Clinical & Experimental Metastasis

, Volume 26, Issue 4, pp 329–344 | Cite as

Intravital microscopy of tumor angiogenesis and regression in the dorsal skin fold chamber: mechanistic insights and preclinical testing of therapeutic strategies

  • Gudrun E. KoehlEmail author
  • Andreas Gaumann
  • Edward K. Geissler


Tumor angiogenesis is a major step in tumor progression to clinically symptomatic cancer and thus a potential target for cancer therapy. It is essential to understand the fundamental mechanisms of the angiogenic processes to provide a rational for testing inhibitory strategies for cancer treatment. The dorsal skin fold chamber provides a suitable (chronic) model for intravital microscopy to monitor the same tumor in time-lapse imaging series and in real-time functional analysis e.g., of blood flow. Adaptation of this model to several rodent species and tumor types has led to numerous physical and drug based therapy options. With modification of implantation techniques, motility and invasion of individual cells can be visualized, in addition to angiogenesis and microcirculation. Modern fluorescent techniques such as ex vivo labelling of specific cell populations and the introduction of stably fluorescent protein expressing cell lines further enhance the suitability of this technique. In addition, laser scanning and multiphoton microscopy in combination with genetically altered mouse strains and cell lines are making the DCSF even more attractive for mechanistic and interventional studies in cancer research. Here we review the preparation as well as the applications of the DCSF in tumor angiogenesis.


Cancer Tumor angiogenesis Blood vessel Blood flow Microcirculation Dorsal skin fold chamber Fluorescence microscopy Intravital microscopy Tumor therapy 



Carboxyfluorescein succinimidyl ester


1,1′-Dioctadecyl-3,3,3′,3′-tetramethylindocarbocyanine perchlorate


Dorsal skin fold chamber


Flourescin isothiocyanate


Fluorescence recovery after photobleaching


Functional vascular density (perfused vessels/area)


Green fluorescent protein


Human umbilical cord vein endothelial cells


Human microvascular endothelial cells


Microvasular density (vessel length/area)


Photodynamic therapy


Red blood cell flow


Region of interest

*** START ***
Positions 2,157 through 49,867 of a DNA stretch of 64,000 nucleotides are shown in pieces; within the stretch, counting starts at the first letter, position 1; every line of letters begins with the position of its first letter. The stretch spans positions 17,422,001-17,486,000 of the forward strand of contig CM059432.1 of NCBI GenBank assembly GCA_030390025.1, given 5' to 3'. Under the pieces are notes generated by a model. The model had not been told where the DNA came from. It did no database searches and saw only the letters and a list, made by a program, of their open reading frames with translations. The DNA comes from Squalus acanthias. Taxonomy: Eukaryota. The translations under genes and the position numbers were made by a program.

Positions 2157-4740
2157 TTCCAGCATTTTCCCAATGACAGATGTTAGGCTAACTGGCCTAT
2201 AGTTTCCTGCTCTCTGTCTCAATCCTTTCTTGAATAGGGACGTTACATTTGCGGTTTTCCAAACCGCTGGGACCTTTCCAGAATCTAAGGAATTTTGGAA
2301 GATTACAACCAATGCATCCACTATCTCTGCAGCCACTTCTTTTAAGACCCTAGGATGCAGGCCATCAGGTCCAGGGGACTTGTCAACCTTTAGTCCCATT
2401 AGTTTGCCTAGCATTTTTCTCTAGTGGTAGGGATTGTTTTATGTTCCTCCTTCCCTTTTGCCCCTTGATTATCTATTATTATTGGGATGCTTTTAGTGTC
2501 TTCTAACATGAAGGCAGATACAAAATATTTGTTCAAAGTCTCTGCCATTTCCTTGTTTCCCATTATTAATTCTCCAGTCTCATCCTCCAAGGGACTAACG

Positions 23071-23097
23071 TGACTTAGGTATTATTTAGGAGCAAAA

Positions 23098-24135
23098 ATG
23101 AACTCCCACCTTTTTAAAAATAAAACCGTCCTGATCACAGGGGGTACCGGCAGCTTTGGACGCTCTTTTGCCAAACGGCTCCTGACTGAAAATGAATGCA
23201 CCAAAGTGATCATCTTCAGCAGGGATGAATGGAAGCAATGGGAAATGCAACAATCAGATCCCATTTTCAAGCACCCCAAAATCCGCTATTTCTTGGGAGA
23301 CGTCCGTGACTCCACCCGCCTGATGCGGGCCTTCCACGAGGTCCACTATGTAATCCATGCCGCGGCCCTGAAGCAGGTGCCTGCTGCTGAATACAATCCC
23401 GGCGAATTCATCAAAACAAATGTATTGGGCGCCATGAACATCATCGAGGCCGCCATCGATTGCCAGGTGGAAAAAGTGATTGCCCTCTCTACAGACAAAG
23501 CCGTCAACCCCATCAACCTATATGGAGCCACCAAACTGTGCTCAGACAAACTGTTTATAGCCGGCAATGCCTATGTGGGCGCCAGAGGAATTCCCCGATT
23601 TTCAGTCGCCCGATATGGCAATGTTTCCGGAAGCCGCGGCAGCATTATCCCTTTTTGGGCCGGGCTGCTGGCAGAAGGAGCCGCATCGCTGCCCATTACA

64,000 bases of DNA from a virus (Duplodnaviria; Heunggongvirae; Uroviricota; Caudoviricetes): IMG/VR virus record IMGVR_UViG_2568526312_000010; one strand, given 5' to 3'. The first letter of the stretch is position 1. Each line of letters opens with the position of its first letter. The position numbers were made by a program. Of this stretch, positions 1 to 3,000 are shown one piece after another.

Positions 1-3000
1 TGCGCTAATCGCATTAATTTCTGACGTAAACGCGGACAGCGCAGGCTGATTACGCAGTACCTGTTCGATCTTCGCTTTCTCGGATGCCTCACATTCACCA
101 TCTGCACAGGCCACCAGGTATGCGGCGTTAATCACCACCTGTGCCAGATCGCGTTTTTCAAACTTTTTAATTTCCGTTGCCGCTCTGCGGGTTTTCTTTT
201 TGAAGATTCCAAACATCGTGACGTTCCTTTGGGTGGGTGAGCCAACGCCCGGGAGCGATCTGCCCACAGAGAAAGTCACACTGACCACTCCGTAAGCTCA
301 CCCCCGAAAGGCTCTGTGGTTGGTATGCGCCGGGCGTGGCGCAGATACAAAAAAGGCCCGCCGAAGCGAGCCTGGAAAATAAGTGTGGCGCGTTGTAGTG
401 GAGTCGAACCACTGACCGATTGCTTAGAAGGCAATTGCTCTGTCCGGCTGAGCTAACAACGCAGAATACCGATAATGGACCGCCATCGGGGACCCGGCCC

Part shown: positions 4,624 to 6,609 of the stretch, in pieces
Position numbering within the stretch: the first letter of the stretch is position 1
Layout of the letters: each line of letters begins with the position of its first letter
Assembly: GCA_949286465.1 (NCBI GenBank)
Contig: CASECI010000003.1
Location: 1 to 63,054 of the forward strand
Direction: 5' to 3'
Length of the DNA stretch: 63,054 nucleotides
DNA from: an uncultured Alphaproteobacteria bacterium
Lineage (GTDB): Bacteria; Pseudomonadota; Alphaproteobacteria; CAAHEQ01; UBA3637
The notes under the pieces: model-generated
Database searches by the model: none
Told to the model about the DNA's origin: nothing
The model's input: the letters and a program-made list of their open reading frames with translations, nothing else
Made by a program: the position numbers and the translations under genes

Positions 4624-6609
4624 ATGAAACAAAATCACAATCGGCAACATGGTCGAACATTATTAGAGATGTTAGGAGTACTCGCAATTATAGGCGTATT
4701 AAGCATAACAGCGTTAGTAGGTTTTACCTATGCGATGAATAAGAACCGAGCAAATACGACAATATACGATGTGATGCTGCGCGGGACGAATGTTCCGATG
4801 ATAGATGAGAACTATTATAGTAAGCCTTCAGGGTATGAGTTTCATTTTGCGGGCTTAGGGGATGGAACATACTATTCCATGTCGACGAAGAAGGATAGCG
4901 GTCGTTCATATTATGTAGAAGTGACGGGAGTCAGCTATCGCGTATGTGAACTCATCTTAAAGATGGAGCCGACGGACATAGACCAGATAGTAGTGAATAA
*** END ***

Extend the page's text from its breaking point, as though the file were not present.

Severe combined immunodeficiency


Tetramethyl rhodamine isothiocyanate



We would like to thank several people for their contributions. First, we want to thank our many past and present colleagues at the University of Regensburg for their contributions, including especially Dr. Markus Steinbauer and Dr. Markus Guba for their expertise with the DSFC model. We also appreciate collaborations with Dr. Oliver Stoeltzing, Dr. Sven Lang and Dr. Christiane Bruns, who allowed adaptation of their tumor models to the DSFC system. Furthermore, we appreciate the efforts of Dr. Ferdinand Wagner in helping to provide images for this publication. Finally, we want to thank Dr. Philipp Babilas (Department of Dermatology) for Fig. 4, and for valuable comments.

Supplementary material

10585_2008_9234_MOESM1_ESM.doc (23 kb)
Supplementary material 1 (DOC 23 kb)

Supplementary material 2 (MPG 4051 kb)

Supplementary material 3 (MPG 2946 kb)

Supplementary material 4 (MPG 4868 kb)

Supplementary material 5 (MPG 5202 kb)

Supplementary material 6 (MPG 4818 kb)

Supplementary material 7 (MPG 4818 kb)

Supplementary material 8 (MPG 4722 kb)


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Copyright information

© Springer Science+Business Media B.V. 2009

Authors and Affiliations

  • Gudrun E. Koehl
    • 1
    Email author
  • Andreas Gaumann
    • 2
  • Edward K. Geissler
    • 1
  1. 1.Department of SurgeryUniversity of RegensburgRegensburgGermany
  2. 2.Institute of PathologyUniversity of RegensburgRegensburgGermany

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